Sometime soon the adjectives will be replaced. For the breadth of his career as Boston Red Sox general manager, Theo Epstein's name has been preceded by some variation of his youth – kid, wunderkind, prodigy, all said with good intentions, and all tinged with derision. Like being young and talented was mutually exclusive.
Epstein's wife is due with their first child in a couple weeks now, so maybe, finally, once and for all we can put to rest the hullabaloo about his age – 34 in December, by the way, and rather dry behind the ears – and start recognizing him with the appropriate title.
Best GM in baseball.
Of course, to suggest such a thing to Epstein is verboten, as public self-promotion goes against his nature. Sure, he has won two World Series in his five seasons as Red Sox GM, constructed an organization with a farm system that produces big league players like the Kenai does salmon, and left the New York Yankees huffing behind, wondering when a $200 million payroll stopped sufficing. And yet with the afterglow of the championship worn off and most of Boston's heavy offseason lifting done, Epstein won't crown the Red Sox for next season, no way.
"Just look a year from now," he said. "You might see some injuries, some poor performances. We don't think we know any more than anyone else. We're just at a good point right now."
How the Red Sox reached this point is the ultimate testament to Epstein and his lieutenants, a front office that includes a pair of contemporaries from elite schools (Jed Hoyer from Wesleyan and Ben Cherington from Amherst), two been-there-done-that scouts (Allard Baird and Craig Shipley) and the father of statistical analysis (Bill James), which gives Boston unparalleled ability to balance all sides of player development.
What, you think the Red Sox are here because of money? Oh, no. They can afford Manny Ramirez at $20 million a season and make mistakes like J.D. Drew at $15 million a pop because of their incredible revenue streams, but this group – the Jonathan Papelbon-Dustin Pedroia-Kevin Youkilis-Jon Lester-Jacoby Ellsbury-Clay Buchholz core – does not materialize like rabbit from hat.
"You start planning for a season three or four years in advance," Epstein said. "That was the case this time. The decisions you make over the course of a long period effect the upcoming season. We're always thinking about this one."
When Epstein took over the Red Sox, their farm system was ranked 28th of 30 by Baseball America. It takes time to build a minor-league foundation, and next to winning a World Series, it was chief among Epstein's goals.
Because look at where they are now. In an offseason teetering again toward insanity – really, Scott Linebrink for $19 million over four years to the Chicago White Sox? – the Red Sox have positioned themselves to avoid the free-agent market. Starter Curt Schilling re-signed for $8 million, and even if he gets the $2 million from his don't-get-fat clauses, it's way under market. Third baseman Mike Lowell turned down a reported four-year, $50 million deal from the Philadelphia Phillies to stay with Boston for three years and $37.5 million.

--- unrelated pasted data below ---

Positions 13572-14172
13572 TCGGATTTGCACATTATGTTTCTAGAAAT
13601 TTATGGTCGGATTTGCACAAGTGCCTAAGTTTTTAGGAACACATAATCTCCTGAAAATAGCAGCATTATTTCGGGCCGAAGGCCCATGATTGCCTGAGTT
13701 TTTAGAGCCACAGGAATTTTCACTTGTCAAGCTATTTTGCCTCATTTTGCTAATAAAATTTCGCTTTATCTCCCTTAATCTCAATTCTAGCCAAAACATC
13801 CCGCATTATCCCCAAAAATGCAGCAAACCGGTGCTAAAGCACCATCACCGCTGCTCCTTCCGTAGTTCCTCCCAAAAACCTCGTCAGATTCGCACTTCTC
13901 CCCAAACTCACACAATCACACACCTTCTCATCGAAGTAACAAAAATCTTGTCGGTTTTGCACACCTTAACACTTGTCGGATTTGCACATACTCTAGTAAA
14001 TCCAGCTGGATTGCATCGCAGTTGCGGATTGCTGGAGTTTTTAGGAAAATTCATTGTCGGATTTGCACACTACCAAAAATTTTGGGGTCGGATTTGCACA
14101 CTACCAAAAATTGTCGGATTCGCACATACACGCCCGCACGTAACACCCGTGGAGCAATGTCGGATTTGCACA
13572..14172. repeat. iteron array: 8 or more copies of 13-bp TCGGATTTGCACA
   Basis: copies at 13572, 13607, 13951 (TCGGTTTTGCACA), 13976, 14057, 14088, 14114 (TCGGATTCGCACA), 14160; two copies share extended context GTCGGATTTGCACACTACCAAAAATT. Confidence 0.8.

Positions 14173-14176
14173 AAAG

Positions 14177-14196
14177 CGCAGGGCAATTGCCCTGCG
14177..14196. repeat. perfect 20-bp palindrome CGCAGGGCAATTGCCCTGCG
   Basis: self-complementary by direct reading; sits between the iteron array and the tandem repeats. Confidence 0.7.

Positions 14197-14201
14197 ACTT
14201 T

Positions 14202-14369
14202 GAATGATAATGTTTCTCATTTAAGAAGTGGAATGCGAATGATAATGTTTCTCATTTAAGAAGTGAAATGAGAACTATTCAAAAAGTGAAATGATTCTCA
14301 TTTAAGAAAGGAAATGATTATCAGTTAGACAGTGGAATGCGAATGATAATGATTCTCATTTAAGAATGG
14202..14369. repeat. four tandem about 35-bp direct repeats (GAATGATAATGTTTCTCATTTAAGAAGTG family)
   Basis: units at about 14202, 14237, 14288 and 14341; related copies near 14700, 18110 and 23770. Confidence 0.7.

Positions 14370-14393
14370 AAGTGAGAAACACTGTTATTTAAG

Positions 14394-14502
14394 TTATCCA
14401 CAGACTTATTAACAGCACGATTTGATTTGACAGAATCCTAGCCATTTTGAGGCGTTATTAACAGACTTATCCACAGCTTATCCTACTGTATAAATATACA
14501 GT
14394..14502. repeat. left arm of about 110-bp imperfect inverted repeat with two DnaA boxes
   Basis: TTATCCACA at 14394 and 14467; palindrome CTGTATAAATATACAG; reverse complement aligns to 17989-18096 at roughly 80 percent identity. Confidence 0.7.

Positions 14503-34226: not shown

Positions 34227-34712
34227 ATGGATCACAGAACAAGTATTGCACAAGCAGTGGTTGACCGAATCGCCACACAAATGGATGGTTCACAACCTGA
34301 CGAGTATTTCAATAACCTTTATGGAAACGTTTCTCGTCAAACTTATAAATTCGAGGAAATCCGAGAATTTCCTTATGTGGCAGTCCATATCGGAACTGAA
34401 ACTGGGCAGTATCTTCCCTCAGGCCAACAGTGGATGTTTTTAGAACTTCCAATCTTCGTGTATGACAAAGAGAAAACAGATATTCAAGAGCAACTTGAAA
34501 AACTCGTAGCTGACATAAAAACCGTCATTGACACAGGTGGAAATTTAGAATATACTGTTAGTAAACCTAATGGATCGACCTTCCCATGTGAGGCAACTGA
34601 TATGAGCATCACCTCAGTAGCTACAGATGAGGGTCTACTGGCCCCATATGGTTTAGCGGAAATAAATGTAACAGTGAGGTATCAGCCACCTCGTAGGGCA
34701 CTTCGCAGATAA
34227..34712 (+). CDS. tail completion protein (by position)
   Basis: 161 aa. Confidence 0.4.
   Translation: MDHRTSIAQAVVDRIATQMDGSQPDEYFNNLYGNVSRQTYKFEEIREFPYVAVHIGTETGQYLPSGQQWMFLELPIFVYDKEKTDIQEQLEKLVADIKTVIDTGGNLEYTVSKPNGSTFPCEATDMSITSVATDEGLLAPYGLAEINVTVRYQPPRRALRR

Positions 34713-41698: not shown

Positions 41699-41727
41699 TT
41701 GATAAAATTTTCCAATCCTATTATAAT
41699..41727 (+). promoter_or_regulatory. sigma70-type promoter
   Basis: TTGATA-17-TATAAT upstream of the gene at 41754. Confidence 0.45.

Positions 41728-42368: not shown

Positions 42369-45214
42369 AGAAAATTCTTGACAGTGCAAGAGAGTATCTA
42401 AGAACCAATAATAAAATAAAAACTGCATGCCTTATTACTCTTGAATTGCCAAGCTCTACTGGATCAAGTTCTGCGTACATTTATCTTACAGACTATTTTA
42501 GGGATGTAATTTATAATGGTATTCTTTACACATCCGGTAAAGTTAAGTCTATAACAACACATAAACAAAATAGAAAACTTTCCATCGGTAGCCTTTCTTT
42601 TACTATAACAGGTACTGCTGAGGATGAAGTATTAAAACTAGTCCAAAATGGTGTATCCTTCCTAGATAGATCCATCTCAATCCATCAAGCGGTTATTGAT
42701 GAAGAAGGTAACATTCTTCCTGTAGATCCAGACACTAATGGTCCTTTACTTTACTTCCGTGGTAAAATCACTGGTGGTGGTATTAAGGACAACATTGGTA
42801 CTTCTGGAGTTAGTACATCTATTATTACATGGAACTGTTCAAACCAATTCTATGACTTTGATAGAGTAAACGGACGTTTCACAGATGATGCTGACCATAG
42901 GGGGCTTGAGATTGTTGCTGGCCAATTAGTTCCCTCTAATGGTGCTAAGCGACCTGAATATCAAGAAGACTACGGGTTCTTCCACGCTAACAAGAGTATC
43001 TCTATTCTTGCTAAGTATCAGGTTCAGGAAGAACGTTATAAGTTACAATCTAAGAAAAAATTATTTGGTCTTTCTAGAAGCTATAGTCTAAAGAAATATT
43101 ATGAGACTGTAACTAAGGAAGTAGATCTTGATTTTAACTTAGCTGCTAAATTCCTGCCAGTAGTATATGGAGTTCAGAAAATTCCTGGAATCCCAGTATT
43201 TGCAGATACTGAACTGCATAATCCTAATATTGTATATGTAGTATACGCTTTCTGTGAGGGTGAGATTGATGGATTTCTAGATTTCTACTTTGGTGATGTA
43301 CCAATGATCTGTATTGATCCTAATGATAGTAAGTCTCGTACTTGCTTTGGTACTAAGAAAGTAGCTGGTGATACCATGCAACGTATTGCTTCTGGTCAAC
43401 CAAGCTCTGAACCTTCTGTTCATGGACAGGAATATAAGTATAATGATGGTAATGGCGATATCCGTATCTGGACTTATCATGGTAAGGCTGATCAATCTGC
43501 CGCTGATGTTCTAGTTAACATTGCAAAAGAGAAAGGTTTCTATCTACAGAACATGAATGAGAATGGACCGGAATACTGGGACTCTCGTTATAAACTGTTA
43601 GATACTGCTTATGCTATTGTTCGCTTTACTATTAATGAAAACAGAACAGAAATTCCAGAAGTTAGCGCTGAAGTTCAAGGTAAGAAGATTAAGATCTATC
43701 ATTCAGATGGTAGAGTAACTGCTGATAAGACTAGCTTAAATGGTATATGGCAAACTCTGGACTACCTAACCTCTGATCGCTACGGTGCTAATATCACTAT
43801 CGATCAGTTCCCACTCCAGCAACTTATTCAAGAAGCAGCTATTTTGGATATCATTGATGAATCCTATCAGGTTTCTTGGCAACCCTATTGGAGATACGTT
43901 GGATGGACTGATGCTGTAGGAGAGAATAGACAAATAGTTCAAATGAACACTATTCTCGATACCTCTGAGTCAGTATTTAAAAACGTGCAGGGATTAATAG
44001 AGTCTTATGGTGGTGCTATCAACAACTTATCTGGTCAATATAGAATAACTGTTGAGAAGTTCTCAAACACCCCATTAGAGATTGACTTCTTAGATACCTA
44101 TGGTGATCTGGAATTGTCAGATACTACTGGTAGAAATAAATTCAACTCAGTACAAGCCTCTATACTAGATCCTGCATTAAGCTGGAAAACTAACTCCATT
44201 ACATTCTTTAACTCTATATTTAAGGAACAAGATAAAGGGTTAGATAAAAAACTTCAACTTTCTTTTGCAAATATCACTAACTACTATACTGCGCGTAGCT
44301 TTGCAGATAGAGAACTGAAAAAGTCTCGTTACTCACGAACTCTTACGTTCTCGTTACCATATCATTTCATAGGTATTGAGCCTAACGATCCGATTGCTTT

And just like that, Boston will return almost its entire team, plus add Buchholz, Lester and Ellsbury for full seasons.
"We're winning," Epstein said. "Players like to be with organizations that have a chance to win the World Series. They see that in our future. We're honored they have that belief and that they think it's a nice place to work.
"Some years there's more demand than there is supply. You might be witnessing some of that right now. Certainly it's a desirable position to not have to fill any holes through free agency, and that's where we're at."
Now, that doesn't mean Epstein will sit on his hands during the Winter Meetings, which start a week from today in Nashville. The best pitcher in baseball, Johan Santana, is on the trade market, and as Epstein proved when he bartered a deal for Alex Rodriguez in 2003, only to see it shot down because of a money snag, he isn't averse to risk. So is Dan Haren, the American League All-Star starter this season. And with his cache of young major-league talent and coming minor-leaguers, Epstein has the chips to get either.
However much the thought of a Santana-Josh Beckett-Daisuke Matsuzaka-Schilling-Buchholz/Lester rotation appeals to him – the best rotation since Palmer-Cuellar-McNally-Dobson? – Epstein won't sacrifice Boston's organizational principles.
"There are no untouchables," Epstein said. "If there's an opportunity to get better, we'll do it. We believe in those guys. Their value to us is legitimate. We're not eager to get rid of them."
No reason to be, not with how the Red Sox marauded through the Cleveland Indians over the final three games of the AL Championship Series and dismantled the Colorado Rockies in a four-game World Series sweep. Epstein said he's not talking with anybody about taking on Ramirez's contract – "There's nothing happening with him at all," Epstein said, "because he's happy in Boston" – and all that concerns him is winning 95 games, which, he figures, gets the Red Sox into the postseason.
With their success, the Red Sox could fall into the same trap the Yankees did, placing so much emphasis on the present that the future, even a year or two away, will be a problem solved with money. It doesn't work, a fact that sobered up the Yankees' way of doing business.
"Never prioritize one year over the future," Epstein said, a phrase of which he's rather fond. Boston has built not just a great team but a powerhouse franchise on planning and patience, the same vital characteristics that now embody Epstein, too, and prove that he really is all grown up.